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Weinberger seeks sentence of time served

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Former Merrillville ear, nose and throat doctor Mark Weinberger on Monday asked a federal court to sentence him to time served for the 22 counts of health care fraud to which he pleaded guilty.

Chief Judge Philip Simon of the U.S. District Court for the Northern District of Indiana in Hammond will sentence Weinberger on Friday. In a sentencing memorandum filed Monday, Weinberger’s attorney Visvaldis Kupsis said the sentencing guideline range is 30 to 37 months in prison. Weinberger already has served more than 33 months, and adjusted for good behavior, he’s earned credit for 39 months served, Kupsis wrote.

Previously, Weinberger pleaded guilty to the charges and agreed to serve a four-year sentence. A federal judge rejected that plea agreement as too lenient.

Weinberger, who ran a multi-million-dollar practice billing himself as “The Nose Doctor,” was arrested in December 2009 after authorities found him camped in snow in the Italian Alps. He fled as malpractice claims mounted and had been on the run for more than three years, during which he was charged.

Separately, Weinberger also is a defendant in lawsuits involving more than 350 medical malpractice claims that allege he performed unnecessary and sometimes damaging sinus surgeries.

The sentencing memorandum says there’s no evidence that Weinberger committed fraud other than in the instances for which he was charged, and it casts doubt on other claims against him.

“Much has been made in the press regarding Dr. Weinberger’s case and his notoriety exceeds that of most criminal defendants. Numerous civil complaints have been filed and one could speculate that many of those are a direct result of that notoriety,” Kupsis wrote. “Regardless, Dr. Weinberger has also been punished for any incidence of negligence through monetary judgments, as well as his loss of practice and inability to further engage in the trade for which he was trained. As a result, these alleged deeds carry their own form of punishment and should not be for the court to decide in this criminal forum.”

Last month, U.S. Judge Jon E. DeGuilio in Hammond entered a default judgment against Weinberger and related entities for noncooperation in the medical malpractice litigation.

Weinberger’s medical malpractice carrier, the Medical Assurance Company Inc., sought discovery sanctions against Weinberger for his constant refusal to answer questions during deposition. Weinberger repeatedly asserted the Fifth Amendment to all 344 questions, including those about his background and education. After a warning in 2011 from the court that refusal to provide substantive responses would result in severe sanctions, Weinberger and defendants said they would cooperate. However, the defendants continued to assert the Fifth Amendment to the amended discovery responses. The defendants claimed they would answer questions after Weinberger’s criminal trial wrapped up.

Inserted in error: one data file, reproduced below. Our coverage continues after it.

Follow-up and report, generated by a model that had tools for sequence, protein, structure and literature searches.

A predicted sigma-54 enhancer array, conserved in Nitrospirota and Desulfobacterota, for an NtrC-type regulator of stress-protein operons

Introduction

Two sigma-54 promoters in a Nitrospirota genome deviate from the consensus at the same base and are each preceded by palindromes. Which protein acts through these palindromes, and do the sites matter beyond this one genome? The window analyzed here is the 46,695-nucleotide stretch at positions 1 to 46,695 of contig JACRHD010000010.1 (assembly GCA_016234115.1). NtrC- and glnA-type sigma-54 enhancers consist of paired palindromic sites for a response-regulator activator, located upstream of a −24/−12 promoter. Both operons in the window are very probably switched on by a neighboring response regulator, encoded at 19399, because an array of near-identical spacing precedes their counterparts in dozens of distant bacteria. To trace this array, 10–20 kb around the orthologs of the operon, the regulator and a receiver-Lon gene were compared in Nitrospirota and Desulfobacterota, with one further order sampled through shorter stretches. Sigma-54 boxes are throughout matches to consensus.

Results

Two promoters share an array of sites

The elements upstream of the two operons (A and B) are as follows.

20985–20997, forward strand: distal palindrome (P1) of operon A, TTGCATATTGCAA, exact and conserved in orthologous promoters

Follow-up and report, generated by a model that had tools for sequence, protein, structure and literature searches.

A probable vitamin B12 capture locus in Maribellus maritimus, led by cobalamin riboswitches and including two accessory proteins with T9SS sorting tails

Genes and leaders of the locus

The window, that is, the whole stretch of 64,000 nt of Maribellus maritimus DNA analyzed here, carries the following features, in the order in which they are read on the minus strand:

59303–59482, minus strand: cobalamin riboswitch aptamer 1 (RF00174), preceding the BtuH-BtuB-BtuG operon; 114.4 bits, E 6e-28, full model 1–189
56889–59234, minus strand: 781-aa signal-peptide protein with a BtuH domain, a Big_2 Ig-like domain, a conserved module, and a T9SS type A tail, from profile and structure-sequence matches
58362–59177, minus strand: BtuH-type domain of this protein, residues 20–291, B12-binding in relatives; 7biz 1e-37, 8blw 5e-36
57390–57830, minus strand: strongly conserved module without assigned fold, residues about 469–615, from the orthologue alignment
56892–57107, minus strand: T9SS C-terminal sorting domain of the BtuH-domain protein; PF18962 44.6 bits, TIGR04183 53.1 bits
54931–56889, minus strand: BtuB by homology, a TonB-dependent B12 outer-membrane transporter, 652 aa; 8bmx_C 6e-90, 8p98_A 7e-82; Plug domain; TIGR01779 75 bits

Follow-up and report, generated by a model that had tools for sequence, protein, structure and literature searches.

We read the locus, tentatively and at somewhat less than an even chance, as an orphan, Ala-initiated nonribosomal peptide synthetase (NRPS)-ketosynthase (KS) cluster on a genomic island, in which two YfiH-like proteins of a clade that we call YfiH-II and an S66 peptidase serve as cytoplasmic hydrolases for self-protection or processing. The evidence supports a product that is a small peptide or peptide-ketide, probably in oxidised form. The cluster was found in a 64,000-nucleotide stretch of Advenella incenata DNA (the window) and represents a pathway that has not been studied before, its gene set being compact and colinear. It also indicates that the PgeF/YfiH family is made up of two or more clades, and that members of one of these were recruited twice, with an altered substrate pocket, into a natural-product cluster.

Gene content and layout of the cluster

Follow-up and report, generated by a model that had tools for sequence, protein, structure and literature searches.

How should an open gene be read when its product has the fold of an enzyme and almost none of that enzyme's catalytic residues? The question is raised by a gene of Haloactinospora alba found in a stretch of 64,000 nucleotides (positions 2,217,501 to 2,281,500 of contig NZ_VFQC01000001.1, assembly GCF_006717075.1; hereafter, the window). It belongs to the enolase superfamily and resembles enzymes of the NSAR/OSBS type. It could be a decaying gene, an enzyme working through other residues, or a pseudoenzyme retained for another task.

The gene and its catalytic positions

In his sentencing memorandum, Kupsis writes that Weinberger worked his way up from kitchen orderly to cook at the Metropolitan Correctional Center in Chicago. The document also shed light on Weinberger’s life behind bars.

“Weinberger has taken some pride in being able to continuously hold down a job which subjects itself to the potential for derision from inmates as well as presents a challenge to prepare satisfactory meals with limited resources and time. His responsibilities include organizing and serving every meal … to the eighty-eight (88) fellow inmates in his unit.

Kupsis characterized Weinberger’s kitchen orderly duty as one that “must have been a humiliating situation for him.”

The memorandum also says Weinberger has tutored inmates studying for GEDs and introduced  a yoga program. He also “developed a curriculum through the religious services program which teaches philosophies of non-violence and alternative solutions to problems.”





 

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  1. He TIL team,please zap this comment too since it was merely marking a scammer and not reflecting on the story. Thanks, happy Monday, keep up the fine work.